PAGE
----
June 3, 2019 | Forbes
Think of what the world would be like if Russia, the United States, China, India and Pakistan were testing nuclear weapons. They are not because of the Comprehensive Test Ban Treaty (CTBT) which is responsible for shutting down nuclear testing by major and regional powers for more than two decades. Walking away from the CTBT would be extraordinarily dumb and dangerous, but the Trump administration has taken a step in this direction.
The CTBT was negotiated in 1996, but it isn't solidly in place. While Russia has signed and ratified it, Senate Republicans rejected it in 1999. China, like the United States, has signed but not ratified. There are other holdouts, including India and Pakistan. And yet none of these states has tested nuclear weapons since 1998. When a treaty is negotiated, it's common diplomatic practice not to undercut its objectives while awaiting its entry into force. Hence the two-decades-long moratorium on testing by every nuclear-armed state except North Korea.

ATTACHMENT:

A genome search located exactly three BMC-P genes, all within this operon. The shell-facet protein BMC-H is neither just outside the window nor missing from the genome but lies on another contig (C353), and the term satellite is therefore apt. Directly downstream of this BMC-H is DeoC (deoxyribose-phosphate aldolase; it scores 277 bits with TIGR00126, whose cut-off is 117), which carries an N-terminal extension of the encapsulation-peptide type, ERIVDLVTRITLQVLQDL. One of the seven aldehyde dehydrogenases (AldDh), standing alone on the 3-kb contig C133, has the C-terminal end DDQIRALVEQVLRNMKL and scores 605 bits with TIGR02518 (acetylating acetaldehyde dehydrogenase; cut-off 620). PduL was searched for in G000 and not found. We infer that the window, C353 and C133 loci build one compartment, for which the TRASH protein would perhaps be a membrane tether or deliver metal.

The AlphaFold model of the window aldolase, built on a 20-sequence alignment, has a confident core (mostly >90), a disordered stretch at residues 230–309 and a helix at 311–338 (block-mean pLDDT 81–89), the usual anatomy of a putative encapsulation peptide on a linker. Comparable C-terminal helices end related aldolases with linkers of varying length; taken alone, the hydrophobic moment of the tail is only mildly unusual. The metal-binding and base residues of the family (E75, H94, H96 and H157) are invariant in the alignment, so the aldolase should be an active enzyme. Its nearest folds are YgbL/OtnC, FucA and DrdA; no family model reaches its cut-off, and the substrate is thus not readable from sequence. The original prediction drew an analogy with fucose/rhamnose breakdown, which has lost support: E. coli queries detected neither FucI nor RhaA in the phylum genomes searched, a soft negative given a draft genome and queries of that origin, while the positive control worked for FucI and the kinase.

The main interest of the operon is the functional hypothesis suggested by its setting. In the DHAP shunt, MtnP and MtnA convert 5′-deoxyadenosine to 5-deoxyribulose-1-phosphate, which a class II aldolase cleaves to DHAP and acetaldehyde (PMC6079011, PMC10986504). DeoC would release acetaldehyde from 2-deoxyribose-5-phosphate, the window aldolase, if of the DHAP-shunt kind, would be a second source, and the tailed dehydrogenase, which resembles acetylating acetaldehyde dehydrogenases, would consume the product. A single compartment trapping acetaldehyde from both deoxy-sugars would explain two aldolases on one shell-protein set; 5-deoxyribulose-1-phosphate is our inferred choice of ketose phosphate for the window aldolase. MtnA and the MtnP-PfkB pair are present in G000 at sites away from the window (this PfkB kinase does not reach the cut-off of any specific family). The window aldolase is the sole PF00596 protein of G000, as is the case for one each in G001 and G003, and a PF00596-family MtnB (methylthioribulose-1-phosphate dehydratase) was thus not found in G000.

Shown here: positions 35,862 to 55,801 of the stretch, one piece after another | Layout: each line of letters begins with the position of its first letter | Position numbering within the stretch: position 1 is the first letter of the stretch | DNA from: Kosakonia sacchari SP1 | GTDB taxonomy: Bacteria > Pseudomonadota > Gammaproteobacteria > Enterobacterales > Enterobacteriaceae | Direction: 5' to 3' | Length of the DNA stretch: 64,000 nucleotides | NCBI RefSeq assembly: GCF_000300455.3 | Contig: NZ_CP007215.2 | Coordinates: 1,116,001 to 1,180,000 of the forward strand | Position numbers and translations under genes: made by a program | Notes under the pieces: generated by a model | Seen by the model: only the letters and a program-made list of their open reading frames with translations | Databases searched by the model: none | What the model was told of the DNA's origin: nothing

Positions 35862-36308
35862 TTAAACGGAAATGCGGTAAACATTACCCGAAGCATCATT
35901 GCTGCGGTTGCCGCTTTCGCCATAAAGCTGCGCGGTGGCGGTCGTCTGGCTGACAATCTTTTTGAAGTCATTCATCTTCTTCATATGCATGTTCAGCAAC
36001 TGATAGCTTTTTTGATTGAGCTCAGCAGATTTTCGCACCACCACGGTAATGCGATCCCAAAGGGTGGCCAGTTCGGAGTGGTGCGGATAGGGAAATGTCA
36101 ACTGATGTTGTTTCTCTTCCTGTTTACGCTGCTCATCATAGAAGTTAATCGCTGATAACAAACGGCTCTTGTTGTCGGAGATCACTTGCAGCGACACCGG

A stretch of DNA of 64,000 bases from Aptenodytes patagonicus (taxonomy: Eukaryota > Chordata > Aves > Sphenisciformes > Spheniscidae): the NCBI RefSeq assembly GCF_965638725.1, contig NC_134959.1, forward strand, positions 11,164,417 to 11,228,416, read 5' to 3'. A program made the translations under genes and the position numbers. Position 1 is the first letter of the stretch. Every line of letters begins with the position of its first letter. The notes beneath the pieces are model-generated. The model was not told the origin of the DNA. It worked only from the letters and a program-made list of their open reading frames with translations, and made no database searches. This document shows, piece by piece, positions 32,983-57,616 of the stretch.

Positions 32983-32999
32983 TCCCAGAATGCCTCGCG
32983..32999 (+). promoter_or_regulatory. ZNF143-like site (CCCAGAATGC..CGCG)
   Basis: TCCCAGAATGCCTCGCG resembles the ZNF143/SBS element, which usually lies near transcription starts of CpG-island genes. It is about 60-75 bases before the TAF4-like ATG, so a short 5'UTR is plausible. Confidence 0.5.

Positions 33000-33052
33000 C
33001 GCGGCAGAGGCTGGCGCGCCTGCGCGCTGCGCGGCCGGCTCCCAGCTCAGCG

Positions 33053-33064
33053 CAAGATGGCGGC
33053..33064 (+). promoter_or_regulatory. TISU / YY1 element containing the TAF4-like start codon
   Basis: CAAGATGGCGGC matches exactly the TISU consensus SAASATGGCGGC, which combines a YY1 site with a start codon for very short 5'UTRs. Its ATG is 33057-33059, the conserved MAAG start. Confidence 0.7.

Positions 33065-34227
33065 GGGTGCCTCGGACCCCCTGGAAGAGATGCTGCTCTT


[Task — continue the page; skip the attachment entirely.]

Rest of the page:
How long this can this situation last? The answer is in doubt now that the Director of the Defense Intelligence Agency, Lt. Gen. Robert P. Ashley, Jr., has declared at a public forum that the "United States believes that Russia probably is not adhering to its nuclear testing moratorium." The Treaty sets a "zero yield" obligation: states aren't supposed to test even with the slightest yields. The State Department defines this as any explosion "that produce a self-sustaining, supercritical chain reaction." In other words, you can conduct experiments, but the experiments should not produce any seismic activity.
As a result of General Ashley's statement, it's now open season against the CTBT for those who want to trash another treaty. Critics of arms control have begun to call on Donald Trump to "unsign" the CTBT, just as he has walked away from the Iran nuclear deal and the Arms Trade Treaty. (Trump also announced withdrawal from the Intermediate-range Nuclear Forces Treaty, but in this case, evidence of Russian noncompliance is compelling.) By "unsigning" the CTBT, Trump would tell the world that the United States is no longer bound to respect the Treaty's obligation not to test nuclear weapons.
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Michael Krepon is co-founder of Stimson.